Starting Fall 2019, I will be an Assistant Professor of Biomedical Data Science and Electrical Engineering (by courtesy) at Stanford University. For the 2018-19 academic year, I will be visiting Harvard University as a TEAM postdoctoral fellow, focusing on the intersection of AI and healthcare and hosted by Susan Murphy, Todd Zickler and John Halamka.
I received my Ph.D. from Stanford University, where I was advised by Fei-Fei Li and Arnold Milstein. My research was broadly in the areas of computer vision, machine learning, and deep learning, with particular focus on video understanding and applications to healthcare.
I spent internships at Facebook AI Research in 2016 and Google Cloud AI in 2017. I also co-taught Stanford's CS231N Convolutional Neural Networks course in 2017 and 2018, with Justin Johnson and Fei-Fei Li.
Before starting my Ph.D., I received a B.S. in Electrical Engineering in 2010, and an M.S. in Electrical Engineering in 2013, both from Stanford. I also worked as a software engineer at Rockmelt (acquired by Yahoo) from 2009-2011.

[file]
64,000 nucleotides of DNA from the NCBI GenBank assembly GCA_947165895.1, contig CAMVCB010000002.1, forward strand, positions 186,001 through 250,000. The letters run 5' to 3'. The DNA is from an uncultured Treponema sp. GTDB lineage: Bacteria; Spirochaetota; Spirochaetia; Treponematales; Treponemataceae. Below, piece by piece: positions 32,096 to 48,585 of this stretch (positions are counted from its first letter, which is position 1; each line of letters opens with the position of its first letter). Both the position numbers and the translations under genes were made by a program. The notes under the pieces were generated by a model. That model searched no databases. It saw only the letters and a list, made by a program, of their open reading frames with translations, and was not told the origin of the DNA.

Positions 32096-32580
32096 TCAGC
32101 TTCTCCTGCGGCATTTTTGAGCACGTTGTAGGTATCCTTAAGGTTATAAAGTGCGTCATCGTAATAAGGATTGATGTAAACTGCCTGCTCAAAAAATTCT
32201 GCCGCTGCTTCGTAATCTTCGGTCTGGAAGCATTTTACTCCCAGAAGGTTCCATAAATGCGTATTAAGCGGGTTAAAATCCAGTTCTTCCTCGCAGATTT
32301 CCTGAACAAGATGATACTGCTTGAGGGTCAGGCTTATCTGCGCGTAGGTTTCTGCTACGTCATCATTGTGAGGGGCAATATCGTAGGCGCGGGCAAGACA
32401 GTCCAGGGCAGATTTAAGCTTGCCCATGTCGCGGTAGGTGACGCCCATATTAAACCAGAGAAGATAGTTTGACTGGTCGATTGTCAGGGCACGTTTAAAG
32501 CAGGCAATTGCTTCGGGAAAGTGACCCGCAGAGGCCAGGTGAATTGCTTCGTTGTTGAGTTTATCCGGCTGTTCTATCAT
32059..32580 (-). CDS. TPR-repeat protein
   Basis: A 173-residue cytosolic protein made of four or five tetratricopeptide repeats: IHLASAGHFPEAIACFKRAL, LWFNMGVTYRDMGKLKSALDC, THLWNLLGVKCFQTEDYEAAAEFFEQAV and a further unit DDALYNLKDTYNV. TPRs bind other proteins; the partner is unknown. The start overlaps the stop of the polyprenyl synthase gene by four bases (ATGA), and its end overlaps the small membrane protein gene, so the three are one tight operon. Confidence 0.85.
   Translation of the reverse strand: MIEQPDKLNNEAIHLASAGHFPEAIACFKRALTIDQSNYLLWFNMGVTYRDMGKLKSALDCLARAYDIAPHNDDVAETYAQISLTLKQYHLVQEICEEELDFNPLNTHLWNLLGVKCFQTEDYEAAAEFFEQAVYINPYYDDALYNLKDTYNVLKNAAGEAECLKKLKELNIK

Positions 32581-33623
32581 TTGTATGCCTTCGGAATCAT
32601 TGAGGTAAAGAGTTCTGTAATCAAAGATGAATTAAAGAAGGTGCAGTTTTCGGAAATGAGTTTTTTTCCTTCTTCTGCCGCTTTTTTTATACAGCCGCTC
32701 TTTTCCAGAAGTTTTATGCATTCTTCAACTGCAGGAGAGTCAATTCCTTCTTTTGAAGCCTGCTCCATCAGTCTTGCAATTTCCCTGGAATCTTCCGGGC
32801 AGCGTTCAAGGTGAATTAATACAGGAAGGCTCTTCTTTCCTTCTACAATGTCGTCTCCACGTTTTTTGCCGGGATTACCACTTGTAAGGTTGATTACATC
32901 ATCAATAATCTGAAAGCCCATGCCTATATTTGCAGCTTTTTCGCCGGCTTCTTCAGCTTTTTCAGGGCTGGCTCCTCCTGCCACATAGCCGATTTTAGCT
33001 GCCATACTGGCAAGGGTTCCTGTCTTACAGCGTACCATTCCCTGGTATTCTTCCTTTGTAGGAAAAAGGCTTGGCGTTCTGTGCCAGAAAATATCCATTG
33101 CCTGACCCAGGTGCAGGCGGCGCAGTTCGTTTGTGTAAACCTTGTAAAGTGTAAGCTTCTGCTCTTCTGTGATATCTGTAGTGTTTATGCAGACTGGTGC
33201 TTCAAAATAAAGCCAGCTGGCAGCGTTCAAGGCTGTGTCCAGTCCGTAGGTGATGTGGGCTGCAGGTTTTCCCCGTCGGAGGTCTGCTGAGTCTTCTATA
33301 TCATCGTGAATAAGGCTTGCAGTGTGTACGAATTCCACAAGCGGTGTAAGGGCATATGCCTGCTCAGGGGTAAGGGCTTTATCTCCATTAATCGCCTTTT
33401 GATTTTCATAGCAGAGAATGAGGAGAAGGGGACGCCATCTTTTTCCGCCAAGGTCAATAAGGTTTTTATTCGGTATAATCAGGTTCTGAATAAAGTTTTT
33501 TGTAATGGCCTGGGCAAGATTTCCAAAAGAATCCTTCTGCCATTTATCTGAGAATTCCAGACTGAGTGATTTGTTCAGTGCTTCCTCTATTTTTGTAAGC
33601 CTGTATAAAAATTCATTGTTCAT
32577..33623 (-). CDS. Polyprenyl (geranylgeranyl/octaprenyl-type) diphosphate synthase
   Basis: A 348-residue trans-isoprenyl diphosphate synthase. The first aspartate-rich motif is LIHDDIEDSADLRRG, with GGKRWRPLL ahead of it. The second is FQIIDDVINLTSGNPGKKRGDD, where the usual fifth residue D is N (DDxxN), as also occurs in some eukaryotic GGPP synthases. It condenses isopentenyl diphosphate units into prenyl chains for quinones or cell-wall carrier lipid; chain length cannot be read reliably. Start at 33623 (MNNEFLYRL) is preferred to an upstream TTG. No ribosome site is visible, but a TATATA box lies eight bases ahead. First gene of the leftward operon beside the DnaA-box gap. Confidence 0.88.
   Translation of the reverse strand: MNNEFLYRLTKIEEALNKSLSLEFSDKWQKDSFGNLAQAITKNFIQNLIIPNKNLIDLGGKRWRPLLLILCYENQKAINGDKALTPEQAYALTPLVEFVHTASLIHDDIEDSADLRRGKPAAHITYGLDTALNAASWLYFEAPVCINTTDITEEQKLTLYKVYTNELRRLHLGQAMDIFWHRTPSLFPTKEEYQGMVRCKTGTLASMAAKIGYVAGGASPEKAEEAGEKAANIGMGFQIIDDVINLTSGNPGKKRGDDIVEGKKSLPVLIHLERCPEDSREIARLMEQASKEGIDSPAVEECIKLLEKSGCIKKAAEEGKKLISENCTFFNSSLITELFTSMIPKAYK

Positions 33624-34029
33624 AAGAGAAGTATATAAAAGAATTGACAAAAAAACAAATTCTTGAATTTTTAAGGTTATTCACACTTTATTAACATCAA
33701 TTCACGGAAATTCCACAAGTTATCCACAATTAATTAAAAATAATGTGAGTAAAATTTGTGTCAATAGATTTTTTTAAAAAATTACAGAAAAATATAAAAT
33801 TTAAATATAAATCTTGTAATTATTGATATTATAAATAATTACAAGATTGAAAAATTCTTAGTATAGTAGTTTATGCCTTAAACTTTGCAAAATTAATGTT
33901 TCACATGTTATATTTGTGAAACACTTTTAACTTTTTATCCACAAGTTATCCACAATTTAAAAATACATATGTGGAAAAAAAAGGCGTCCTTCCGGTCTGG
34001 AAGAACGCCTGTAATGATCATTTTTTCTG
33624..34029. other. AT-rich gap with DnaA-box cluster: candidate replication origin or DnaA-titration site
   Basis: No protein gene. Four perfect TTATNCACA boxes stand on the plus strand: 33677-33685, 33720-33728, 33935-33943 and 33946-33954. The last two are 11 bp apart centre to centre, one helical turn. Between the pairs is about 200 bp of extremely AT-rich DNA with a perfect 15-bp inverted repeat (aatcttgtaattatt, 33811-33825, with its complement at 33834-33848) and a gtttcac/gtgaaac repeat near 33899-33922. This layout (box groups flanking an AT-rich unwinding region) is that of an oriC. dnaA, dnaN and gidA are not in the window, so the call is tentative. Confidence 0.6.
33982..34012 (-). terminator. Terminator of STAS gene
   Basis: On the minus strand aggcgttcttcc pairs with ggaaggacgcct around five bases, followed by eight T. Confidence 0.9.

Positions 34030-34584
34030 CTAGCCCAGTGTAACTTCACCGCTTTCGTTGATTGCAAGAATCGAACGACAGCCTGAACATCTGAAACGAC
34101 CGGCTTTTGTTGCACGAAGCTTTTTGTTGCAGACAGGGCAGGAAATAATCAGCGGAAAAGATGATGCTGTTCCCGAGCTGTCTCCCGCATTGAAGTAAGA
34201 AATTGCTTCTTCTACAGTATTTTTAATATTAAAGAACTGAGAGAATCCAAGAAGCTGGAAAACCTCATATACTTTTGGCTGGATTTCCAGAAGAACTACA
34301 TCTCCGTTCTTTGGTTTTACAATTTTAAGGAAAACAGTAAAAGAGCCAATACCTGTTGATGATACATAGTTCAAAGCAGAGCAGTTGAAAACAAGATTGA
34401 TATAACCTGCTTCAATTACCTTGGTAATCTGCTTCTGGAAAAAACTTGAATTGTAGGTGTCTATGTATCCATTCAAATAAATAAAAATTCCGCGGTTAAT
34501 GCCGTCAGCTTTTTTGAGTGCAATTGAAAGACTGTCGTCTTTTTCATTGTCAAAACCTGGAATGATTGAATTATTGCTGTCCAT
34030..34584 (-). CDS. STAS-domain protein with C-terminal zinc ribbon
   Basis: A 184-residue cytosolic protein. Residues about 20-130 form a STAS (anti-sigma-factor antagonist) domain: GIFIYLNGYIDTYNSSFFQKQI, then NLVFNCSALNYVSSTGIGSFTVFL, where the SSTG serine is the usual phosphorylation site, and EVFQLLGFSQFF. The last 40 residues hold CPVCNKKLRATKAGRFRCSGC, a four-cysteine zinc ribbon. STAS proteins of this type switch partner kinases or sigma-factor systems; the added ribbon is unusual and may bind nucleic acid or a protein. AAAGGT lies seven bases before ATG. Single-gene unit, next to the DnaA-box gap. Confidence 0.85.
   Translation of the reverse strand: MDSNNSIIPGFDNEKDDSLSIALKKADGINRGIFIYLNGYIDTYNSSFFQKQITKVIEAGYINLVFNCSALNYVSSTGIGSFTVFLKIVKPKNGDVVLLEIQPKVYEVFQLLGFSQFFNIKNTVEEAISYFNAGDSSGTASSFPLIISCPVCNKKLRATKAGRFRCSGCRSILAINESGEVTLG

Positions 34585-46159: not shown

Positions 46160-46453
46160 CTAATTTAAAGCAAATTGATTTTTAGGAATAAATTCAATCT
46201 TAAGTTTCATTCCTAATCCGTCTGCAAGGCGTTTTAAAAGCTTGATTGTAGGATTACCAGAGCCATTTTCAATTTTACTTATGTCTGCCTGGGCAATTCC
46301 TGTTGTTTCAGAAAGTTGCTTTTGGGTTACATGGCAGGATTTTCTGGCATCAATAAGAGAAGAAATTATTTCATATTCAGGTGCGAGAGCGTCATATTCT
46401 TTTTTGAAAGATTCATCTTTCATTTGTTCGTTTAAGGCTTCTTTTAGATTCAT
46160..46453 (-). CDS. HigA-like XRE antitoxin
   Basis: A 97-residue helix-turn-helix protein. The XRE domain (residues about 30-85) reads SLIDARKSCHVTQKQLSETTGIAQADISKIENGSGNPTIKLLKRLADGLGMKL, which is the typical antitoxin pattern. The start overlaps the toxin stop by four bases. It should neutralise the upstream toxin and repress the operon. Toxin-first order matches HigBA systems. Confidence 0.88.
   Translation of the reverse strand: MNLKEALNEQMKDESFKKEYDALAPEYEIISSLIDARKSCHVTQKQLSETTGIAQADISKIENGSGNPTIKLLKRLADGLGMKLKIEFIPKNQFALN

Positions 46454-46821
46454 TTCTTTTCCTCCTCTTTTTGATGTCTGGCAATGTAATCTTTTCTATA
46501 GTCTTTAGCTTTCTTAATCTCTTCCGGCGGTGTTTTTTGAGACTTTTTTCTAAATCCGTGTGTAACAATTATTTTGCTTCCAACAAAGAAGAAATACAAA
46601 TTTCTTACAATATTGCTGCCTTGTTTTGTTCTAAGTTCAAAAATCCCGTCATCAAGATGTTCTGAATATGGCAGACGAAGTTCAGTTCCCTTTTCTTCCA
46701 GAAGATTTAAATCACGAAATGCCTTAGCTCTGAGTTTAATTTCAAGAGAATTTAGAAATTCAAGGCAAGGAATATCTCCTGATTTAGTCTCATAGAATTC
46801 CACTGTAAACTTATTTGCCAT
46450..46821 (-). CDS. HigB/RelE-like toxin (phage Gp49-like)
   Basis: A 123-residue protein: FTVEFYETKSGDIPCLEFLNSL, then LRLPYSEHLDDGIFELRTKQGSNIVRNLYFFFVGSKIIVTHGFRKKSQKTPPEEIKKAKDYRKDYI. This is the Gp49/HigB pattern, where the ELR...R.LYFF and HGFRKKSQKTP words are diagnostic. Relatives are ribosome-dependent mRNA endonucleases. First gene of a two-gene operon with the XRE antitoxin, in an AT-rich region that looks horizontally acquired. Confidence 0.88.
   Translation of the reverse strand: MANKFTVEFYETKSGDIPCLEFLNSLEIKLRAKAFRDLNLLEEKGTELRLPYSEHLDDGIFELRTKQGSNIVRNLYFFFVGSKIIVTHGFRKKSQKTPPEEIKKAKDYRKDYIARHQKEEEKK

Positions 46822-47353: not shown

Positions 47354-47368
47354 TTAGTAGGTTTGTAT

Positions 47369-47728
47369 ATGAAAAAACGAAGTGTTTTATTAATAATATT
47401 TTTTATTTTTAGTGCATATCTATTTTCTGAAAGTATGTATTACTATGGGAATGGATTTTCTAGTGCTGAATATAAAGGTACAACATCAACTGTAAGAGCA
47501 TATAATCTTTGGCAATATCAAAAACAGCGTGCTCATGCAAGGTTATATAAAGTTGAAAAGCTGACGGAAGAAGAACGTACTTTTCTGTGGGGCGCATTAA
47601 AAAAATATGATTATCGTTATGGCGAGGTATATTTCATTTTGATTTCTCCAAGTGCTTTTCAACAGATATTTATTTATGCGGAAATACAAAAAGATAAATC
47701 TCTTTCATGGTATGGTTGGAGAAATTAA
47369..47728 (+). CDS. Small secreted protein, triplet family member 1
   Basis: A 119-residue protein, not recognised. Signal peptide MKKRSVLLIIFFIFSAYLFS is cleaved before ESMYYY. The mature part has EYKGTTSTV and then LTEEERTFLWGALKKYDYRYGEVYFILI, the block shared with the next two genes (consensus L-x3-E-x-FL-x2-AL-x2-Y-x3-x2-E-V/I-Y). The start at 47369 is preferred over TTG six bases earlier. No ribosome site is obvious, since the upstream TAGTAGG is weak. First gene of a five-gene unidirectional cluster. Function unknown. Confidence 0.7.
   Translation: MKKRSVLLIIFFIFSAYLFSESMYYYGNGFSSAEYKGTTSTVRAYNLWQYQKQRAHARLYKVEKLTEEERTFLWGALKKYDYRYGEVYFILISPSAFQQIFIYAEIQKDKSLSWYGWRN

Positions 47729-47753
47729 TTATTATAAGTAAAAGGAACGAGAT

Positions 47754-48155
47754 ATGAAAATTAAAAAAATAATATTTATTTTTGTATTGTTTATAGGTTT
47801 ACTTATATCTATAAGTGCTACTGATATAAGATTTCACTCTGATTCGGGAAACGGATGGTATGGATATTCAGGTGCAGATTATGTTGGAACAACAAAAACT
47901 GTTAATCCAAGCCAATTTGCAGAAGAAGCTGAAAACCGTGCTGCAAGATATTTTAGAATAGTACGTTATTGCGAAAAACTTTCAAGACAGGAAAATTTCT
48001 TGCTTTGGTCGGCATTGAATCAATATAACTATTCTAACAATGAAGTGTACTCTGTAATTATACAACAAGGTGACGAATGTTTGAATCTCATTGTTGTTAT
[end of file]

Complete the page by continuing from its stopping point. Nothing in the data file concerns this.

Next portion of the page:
I am a member of the Stanford Program in AI-Assisted Care (PAC), which is a collaboration between the Stanford AI Lab and Stanford Clinical Excellence Research Center that aims to use computer vision and machine learning to create AI-assisted smart healthcare spaces. My particular focus is on applying my research in video understanding and human action recognition towards hand hygiene-based infection control, recognition of clinical care activities, and continuous patient assessment in hospitals and assisted living facilities.
Our collaborators include Lucile Packard Children's Hospital at Stanford, Stanford Health Care, and Intermountain Healthcare.
I enjoy helping future generations of researchers and engineers discover the exciting field of AI. I was a Research Instructor for SAILORS 2015, a 2-week summer program run by the AI Lab for 10th grade girls. In the past I've also co-organized Stanford's JETS Engineering Outreach Day for high school students, and been involved with programs including Exploring New Worlds, for elementary school students from underprivileged areas, and TechGyrls.